Their data is to be reviewed by the FDA on Sept. 17. Bloomberg reported on Sept. 3, after Moderna submitted its final booster documentation, that it wasn’t clear whether a separate meeting would need to be scheduled to assess their data. But Fauci’s comments on Sept. 5 hint that’s a distinct possibility.

Luckily, Pfizer has been the most widely distributed vaccine in the U.S., according to the CDC. The country has administered nearly 213 million doses of the Pfizer vaccine compared to 146.7 million of Moderna and 14.5 million of Johnson & Johnson (a much smaller number since it’s a one-dose regimen).

But since Moderna recipients may not be able to get a third shot of Moderna specifically at that recommended eight-month mark, some are wondering if they should boost with Pfizer instead. On Face the Nation, reporter Weijia Jiang asked Fauci, “If I had the Moderna vaccine and I’m hearing that Pfizer is going to be available come September 20th, is it OK for me to mix and match?”

“No, that’s a good question,” Fauci said. “We are doing studies right now, which are just what you said, they are mix and match studies. Namely, we’re lining up Pfizer against Pfizer, Pfizer for Moderna and vice versa. Hopefully within a reasonable period of time, measured in a couple of weeks, we will have that data.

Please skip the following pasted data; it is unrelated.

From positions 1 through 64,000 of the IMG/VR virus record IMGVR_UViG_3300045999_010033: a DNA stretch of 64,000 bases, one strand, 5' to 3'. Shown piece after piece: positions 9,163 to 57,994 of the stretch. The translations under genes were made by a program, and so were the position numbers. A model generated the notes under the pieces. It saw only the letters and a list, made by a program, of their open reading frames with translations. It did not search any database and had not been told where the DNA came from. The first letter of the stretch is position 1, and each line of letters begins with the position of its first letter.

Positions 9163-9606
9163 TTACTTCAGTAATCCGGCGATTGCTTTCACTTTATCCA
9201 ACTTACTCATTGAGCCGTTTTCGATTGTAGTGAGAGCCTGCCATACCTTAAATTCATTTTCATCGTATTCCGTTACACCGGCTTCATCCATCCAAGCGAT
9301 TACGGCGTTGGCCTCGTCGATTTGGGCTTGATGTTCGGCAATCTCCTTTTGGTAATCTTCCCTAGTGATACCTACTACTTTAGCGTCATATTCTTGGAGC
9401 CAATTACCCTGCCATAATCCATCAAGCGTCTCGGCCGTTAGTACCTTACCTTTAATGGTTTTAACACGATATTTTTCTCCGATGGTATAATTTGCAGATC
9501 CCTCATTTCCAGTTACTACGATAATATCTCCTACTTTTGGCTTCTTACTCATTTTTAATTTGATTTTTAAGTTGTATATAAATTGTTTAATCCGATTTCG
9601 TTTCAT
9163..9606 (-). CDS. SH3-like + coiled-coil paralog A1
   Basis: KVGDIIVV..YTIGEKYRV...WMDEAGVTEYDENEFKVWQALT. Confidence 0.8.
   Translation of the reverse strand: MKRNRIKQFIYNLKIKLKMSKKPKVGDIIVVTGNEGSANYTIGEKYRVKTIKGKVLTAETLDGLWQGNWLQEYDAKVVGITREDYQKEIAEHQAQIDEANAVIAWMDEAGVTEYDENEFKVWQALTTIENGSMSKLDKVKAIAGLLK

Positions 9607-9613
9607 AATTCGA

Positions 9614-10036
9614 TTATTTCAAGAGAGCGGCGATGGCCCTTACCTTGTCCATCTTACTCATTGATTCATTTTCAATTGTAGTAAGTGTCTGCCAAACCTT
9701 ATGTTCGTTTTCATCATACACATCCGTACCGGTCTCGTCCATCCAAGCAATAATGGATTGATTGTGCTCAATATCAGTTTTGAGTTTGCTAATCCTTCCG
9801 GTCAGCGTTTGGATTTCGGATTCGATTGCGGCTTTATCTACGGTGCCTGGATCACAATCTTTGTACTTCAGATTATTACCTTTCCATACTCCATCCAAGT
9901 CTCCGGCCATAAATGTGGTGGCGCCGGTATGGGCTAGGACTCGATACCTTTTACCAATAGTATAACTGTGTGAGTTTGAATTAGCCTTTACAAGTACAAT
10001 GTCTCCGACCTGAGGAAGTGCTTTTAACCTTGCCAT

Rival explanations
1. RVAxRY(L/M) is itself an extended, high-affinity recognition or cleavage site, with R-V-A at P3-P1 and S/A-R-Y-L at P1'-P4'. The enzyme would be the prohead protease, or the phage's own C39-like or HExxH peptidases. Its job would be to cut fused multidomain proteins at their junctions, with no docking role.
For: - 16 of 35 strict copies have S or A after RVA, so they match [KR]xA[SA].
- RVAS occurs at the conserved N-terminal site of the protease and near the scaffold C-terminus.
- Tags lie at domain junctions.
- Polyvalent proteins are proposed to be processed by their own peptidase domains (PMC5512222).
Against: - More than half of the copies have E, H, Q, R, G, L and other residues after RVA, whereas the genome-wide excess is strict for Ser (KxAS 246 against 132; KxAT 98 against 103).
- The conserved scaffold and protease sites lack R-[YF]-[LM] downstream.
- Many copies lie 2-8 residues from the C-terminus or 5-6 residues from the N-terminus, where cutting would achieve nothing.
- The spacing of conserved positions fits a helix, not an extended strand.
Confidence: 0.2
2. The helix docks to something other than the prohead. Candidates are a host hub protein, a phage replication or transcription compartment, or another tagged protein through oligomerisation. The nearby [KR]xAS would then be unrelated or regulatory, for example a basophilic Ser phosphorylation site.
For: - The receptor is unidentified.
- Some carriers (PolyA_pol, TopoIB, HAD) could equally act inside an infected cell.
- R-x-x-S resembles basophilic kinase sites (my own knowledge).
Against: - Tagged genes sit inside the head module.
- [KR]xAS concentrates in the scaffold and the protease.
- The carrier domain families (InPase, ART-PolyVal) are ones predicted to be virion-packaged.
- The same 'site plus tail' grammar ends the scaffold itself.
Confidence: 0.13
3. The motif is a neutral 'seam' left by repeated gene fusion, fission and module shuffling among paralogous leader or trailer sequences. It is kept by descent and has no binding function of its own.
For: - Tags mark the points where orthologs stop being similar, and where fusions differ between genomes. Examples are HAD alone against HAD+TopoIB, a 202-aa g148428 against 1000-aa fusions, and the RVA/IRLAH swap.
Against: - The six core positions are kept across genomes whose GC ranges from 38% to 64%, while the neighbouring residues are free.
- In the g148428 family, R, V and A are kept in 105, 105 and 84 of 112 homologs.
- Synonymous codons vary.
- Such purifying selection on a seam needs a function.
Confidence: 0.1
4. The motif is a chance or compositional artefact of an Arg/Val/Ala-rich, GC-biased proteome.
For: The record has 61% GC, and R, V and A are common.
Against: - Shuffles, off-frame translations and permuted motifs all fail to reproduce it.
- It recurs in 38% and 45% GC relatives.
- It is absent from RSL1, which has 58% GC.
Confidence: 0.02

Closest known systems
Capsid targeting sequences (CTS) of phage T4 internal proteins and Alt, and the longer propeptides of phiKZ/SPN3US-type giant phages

But right now, we are suggesting and hopefully it will work out that way, that if you got Pfizer, you will then boost with Pfizer. If you get Moderna, you’ll be boosting with Moderna. But we are doing the studies to determine if we can do just that—switch one with the other.”

The CDC has also not yet approved a booster dose for the non-mRNA Johnson & Johnson vaccine. “Administration of the J&J vaccine did not begin in the U.S. until March 2021, and we expect more data on J&J in the next few weeks,” the U.S. Department of Health and Human Services (HHS) said in a statement on Aug. 18.

“With those data in hand, we will keep the public informed with a timely plan for J&J booster shots as well.”

The CDC and FDA have not recommended a mix-and-match approach to booster shots for those with the J&J vaccine. “There aren’t enough data currently to support getting an mRNA vaccine dose (either Pfizer-BioNTech or Moderna) if someone has previously gotten a J&J/Janssen vaccine,” the CDC advises on its website.

“People who got the J&J/Janssen vaccine will likely need a booster dose of the J&J/Janssen vaccine, and more data are expected in the coming weeks.”

Shortly before the announcement about the fall booster program, the CDC recommended that the U.S. begin administering third shots to people with moderately to severely compromised immune systems who were given the Pfizer or Moderna vaccines.

As far as mixing and matching goes in this case, the CDC says: “For people who received either Pfizer-BioNTech or Moderna’s COVID-19 vaccine series, a third dose of the same mRNA vaccine should be used. …

If the mRNA vaccine product given for the first two doses is not available or is unknown, either mRNA COVID-19 vaccine product may be administered.”